The Iraqi Army has reportedly placed a temporary ban on the use of niqab (full face veil) and burqa in the city of Mosul. The move comes after the Islamic State (ISIS) militants used the garments to launch attacks from their sleeper cells in Iraq's second largest city.
A military source in the Iraqi Armed Forces told Al-Masdar News that these full-bodied garments have been extensively used by both female and male ISIS militants over the past few weeks to conduct suicide bombing and hit-and-run attacks on army checkpoints.
Meanwhile, the Rapid Response Division, Counter Terrorism Units, Iraqi Federal Police and elements of the 9th Division have succeded in capturing more than half of the Al-Zinjili district. Al-Zinjili district is one of just three neighbourhoods in western Mosul which maintain an ISIS presence.
Iraqi Army, backed by the United States forces, had launched an offensive against ISIS in Mosul last year. Mosul is one of the last strongholds of ISIS in Iraq.
Many European countries have also banned the use of burqa is public because of increasing Islamist terrorists attacks, particularly by ISIS.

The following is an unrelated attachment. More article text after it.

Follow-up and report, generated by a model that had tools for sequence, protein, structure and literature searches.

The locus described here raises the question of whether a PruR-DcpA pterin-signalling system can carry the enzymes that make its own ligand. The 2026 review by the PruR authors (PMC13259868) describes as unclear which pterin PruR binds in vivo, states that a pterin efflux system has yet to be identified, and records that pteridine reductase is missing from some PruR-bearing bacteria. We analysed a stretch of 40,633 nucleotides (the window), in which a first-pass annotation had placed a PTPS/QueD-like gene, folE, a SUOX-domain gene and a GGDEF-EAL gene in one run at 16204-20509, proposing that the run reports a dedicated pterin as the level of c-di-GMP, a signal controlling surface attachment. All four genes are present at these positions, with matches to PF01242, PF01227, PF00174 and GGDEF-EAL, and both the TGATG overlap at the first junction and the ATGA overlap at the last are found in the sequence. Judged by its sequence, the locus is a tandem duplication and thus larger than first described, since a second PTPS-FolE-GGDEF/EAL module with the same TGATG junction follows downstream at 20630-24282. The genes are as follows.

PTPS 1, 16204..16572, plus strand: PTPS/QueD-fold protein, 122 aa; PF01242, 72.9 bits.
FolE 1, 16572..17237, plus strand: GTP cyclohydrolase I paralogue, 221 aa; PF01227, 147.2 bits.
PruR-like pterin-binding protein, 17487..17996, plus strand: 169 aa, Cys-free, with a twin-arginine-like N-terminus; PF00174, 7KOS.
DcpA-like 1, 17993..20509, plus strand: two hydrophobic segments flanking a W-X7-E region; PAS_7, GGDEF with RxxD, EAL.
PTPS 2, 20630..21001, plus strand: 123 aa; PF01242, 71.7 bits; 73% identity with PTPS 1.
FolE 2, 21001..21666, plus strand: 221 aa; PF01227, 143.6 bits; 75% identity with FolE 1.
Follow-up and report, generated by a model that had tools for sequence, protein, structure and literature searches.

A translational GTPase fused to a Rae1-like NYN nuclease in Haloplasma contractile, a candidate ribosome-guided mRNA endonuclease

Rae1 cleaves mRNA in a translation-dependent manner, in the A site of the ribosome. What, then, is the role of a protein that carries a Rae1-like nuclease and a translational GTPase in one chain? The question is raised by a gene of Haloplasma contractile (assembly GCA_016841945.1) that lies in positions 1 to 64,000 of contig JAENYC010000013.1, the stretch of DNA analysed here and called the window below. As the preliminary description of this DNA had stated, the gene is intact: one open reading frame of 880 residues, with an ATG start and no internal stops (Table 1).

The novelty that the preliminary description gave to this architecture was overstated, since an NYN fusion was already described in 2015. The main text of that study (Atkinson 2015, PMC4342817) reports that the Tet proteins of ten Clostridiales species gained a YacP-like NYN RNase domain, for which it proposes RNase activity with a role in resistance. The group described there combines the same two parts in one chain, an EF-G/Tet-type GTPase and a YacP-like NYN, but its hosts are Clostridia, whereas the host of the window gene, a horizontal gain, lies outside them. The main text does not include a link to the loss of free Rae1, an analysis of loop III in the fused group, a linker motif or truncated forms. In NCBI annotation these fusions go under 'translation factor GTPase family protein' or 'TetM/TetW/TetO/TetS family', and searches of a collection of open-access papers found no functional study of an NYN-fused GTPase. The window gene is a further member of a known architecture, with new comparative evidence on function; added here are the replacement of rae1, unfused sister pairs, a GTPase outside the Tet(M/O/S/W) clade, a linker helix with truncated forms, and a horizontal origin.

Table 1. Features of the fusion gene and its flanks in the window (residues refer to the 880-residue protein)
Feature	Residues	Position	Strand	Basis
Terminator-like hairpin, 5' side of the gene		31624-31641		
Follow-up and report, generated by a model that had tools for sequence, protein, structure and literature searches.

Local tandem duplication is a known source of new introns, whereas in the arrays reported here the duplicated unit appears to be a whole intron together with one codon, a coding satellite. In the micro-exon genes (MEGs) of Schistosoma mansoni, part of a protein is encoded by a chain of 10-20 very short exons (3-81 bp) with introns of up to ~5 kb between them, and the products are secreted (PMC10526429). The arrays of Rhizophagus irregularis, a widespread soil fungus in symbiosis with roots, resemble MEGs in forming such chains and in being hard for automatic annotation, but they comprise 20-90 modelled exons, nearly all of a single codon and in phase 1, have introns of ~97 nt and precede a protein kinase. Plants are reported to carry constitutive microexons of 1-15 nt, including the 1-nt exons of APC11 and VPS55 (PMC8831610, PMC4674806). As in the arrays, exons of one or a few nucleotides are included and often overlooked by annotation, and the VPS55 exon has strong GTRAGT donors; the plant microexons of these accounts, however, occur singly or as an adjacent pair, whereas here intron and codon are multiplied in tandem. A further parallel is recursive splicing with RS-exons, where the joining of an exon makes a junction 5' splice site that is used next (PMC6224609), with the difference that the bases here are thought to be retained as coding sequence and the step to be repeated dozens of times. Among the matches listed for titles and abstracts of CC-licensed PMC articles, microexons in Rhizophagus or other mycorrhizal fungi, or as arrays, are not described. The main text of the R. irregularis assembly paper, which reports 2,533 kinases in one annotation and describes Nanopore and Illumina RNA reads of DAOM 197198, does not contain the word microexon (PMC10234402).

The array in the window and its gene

The Austrian government had recently passed a legislation, which bans the use of full-face veils, burqas and other garments which cover the entire face of women. The provision was backed by both ruling parties in the country.
Women in Austria who wear garments that fully cover their faces will have to pay fine up to 50 Euro ($A225) from October. The rules were included in the legislative package introduced for refugees and asylum seekers in the country to make them suitable for residing in Austria. France and Belgium have a similar law in place for the use of burqas.
The Netherlands, in 2015, had also introduced a partial ban on full face veils. In 2016, German Chancellor Angela Merkel had also endorsed her party's call to ban the full face veil "wherever it is legally possible."